Kearah-Armonie(Kearmonie) is a Poet, Spoken Word Artist, Filmmaker, Blogger/Writer and Teaching Artist from Brooklyn, NY. She recently completed her B.A. in Documentary Film Production at Brooklyn College, where she hosted and facilitated events as part of the school's poetry slam team who went on to rank 12th in the nation at the 2016 College Unions Poetry Slam Invitational. Kearmonie started performing spoken word in 2011 through the youth poetry organization Urban Word NYC and is now a mentor and teaching artist, teaching to as young as elementary school students across NYC, specializing in both poetry and film. Most recently she released her very first spoken word EP entitled: “Kearmonie: The Spoken Word Album”, now available for streaming on her website(kearmonie.com). Kearmonie’s poetry often exhibits the condition of the Black American from a millennial lens, with personal accounts of love, family, oppression, and womanism. Her writing can be found in WusGood.black magazine and Great Weather for Media’s latest anthology “The Other Side of Violet”, she was also a contributing writer for “50in50: Writing Ourselves into Existence” curated by Dominique Morriseau. Past spoken word feature performances include BET, The Nuyorican Poets Cafe`, BRiC Arts and Media, La MaMa experimental theatre club, The Bowery Poetry Club, New York Live Arts, and more, including several features at high schools and colleges across the East Coast.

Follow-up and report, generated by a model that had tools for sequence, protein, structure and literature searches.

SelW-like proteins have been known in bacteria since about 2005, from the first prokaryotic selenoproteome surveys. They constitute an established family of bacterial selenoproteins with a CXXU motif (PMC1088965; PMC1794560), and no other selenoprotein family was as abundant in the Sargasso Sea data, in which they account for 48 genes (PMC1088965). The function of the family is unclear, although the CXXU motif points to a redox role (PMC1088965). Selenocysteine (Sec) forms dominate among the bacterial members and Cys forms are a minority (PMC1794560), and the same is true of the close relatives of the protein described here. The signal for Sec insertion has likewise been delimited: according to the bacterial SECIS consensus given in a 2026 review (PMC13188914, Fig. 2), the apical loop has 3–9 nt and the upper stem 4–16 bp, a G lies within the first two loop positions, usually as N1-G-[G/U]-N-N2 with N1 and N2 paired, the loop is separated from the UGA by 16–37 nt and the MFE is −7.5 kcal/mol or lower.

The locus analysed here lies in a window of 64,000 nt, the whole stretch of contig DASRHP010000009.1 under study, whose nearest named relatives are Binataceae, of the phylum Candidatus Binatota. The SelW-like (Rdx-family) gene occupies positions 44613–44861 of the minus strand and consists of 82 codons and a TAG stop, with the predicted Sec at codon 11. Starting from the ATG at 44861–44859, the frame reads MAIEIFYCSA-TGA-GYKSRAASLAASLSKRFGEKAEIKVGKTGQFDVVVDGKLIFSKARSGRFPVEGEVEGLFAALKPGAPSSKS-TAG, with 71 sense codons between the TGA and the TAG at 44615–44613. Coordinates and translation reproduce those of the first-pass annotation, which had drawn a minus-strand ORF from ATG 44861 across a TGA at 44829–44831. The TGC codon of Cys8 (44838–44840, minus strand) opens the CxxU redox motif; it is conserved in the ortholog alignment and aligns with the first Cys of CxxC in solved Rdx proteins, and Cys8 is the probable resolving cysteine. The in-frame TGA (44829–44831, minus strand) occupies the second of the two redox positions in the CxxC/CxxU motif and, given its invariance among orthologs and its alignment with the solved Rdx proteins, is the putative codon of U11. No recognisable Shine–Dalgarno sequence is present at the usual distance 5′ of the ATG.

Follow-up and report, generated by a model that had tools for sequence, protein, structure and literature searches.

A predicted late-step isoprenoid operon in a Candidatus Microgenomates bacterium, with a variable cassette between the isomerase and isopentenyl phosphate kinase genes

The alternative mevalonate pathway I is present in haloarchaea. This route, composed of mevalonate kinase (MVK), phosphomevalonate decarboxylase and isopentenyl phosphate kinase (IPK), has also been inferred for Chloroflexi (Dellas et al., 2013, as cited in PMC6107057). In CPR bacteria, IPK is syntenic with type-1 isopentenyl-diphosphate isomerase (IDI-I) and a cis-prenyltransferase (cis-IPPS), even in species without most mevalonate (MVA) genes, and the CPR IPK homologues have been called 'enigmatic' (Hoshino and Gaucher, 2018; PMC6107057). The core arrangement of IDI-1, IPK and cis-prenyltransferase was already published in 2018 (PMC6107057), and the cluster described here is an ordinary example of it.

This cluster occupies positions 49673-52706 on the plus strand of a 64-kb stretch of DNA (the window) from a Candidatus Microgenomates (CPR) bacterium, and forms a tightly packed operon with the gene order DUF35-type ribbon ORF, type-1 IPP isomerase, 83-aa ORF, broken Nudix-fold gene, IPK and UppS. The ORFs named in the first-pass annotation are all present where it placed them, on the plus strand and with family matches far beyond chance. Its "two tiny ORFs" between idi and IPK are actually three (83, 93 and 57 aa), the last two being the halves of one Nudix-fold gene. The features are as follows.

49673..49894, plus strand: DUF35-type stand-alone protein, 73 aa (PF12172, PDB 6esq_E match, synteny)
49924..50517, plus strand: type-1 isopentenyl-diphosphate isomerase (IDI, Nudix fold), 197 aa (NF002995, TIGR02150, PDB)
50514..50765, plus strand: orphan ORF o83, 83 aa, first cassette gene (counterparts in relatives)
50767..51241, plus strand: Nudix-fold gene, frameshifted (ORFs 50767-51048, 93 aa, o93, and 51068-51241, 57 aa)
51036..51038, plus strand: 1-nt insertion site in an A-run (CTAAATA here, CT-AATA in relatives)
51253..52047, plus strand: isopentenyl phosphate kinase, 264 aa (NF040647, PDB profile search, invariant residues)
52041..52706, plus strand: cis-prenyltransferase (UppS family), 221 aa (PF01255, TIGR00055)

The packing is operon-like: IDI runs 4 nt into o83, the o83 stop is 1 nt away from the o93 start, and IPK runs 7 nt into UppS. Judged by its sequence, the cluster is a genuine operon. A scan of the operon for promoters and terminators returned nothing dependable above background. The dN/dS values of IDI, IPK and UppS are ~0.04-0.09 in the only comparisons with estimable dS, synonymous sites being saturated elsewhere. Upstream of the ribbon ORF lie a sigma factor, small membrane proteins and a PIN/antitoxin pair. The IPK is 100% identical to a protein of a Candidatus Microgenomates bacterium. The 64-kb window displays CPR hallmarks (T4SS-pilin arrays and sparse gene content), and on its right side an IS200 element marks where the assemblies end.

Kearmonie has also taken part in theatre having performed in The Vagina Monologues at Brooklyn College, “Ascension: An Asylum Called Life Presonified” a collection of one-person shows presented by Urban Word NYC and New York Live Arts, and most recently she was a member of the ensemble for a revival of Amiri Baraka’s “Dutchman” at The Secret Theatre for a 4-night run. This Black History Month she started her photo project #28ShadesofBlackMagic, in collaboration with LaQuann Dawson, a collection of portraits featuring 28 Young, Black creatives and entrepreneurs of the millennial generation for each day of February. Her documentary short, “BLK GRL POET”, a spoken word driven chronicle of the Black Lives Matter protests in NYC, has been featured in the Women of African Descent Film Festival and The 34th Annual Brooklyn College Film Festival. Forthcoming, she is producing, shooting, and editing short film “Shoulders” a story highlighting the urgency and significance of friendship among Black Women, written by Chanel Dupree, set to be complete summer of 2018.